Where is Tintswalo? The State of the Nation Address minimises young South Africans' challenges - Youth Capital
What does it really cost young people to look for work?
Get the facts here

Where is Tintswalo? The State of the Nation Address minimises young South Africans’ challenges

Avatar photo

At the time of the State of the Nation Address, South Africa sees a stubbornly high youth unemployment rate, with 9.1 million young people who are not in education, employment or training; the majority of Grade 4 learners can’t read for meaning in any language; a sluggish economy battered by ongoing loadshedding, and in parts of the country, a lack of water. The Presidential Employment Stimulus, which has created over one million opportunities for young South Africans across the country, has yet to receive long-term funding.

Outlining the achievements of the last 30 years of democracy, President Ramaphosa described the success of a young person, Tintswalo. Using a great narrative, the President illustrated how Tintswalo leveraged public opportunities such as feeding schemes, public housing, free education, the ability to complete her studies at her local Technical and Education Vocational College and transitioned into the world of work; she was able to earn and save money and start a family. However, the story of Tintswalo doesn’t reflect the many systemic challenges that young people encounter every single day. 

‘Tintswalo’s story is a dream. A figment of their imagination because, as it was said before, her story is not the norm. Plus, “Tinstwalo” found a job. Lucky her. But for the rest of us, it’s not that easy.’ a young person in the Youth Capital network shared during a watch party organised by advocacy campaign Youth Capital.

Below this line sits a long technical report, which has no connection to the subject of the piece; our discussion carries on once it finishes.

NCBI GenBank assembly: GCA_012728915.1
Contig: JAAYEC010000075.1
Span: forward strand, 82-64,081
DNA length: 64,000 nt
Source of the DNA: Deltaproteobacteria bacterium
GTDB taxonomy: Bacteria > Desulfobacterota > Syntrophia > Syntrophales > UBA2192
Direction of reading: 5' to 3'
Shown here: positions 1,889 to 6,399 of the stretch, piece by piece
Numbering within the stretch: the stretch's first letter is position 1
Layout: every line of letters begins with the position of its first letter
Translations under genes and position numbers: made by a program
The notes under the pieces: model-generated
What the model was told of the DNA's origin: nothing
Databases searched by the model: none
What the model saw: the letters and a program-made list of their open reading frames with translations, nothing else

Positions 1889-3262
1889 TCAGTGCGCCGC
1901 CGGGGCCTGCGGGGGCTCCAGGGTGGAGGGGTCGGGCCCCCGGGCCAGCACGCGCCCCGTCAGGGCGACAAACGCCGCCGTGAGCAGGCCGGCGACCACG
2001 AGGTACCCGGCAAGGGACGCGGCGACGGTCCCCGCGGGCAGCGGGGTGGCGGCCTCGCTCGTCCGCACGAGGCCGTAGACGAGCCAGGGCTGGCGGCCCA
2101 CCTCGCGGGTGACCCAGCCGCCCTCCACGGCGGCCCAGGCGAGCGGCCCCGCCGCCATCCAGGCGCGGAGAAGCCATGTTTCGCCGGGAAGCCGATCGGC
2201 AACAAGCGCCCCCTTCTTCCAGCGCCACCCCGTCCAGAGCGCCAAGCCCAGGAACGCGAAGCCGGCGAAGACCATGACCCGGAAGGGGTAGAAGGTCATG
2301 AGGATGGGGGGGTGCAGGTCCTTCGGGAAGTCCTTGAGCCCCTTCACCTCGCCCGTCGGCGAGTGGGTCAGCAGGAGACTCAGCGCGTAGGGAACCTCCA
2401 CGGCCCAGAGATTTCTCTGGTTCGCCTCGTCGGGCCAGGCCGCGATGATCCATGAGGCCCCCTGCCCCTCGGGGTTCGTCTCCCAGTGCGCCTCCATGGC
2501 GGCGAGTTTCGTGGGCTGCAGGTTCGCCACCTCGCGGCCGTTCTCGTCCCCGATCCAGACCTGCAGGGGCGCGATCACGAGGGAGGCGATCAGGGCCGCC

‘Everyday, young people in our community share the intricate layers of challenges they face to be able to complete their education and make an income; President Ramaphosa’s speech is really out of touch with young people’s realities. In a country where a third of its citizens are young people, young people’s issues should be acknowledged as a national priority’, says Kristal Duncan-Williams, Project Lead at Youth Capital. 

Another young person in the Youth Capital network shared that ‘the lack of opportunities creates a vicious cycle that perpetuates a sense of hopelessness among young people, as we find ourselves trapped. I implore you to prioritise initiatives such as the Presidential Employment Stimulus, which has demonstrated tangible benefits for youth, learners, communities, and the economy at large.’

The President’s speech was full of promises and pledges regarding the future of the Presidential Employment Stimulus, National Health Insurance and an extension and strengthening of the Social Relief of Distress grant; however, the reality will be unveiled on 21 February when the National Budget is tabled. ‘We hope to see the ruling party put their money where their mouth is’, adds Duncan-Williams.

Let’s keep talking

Sign up to receive news about fresh research, events, activations and more. No spam, promise.

I agree to be emailed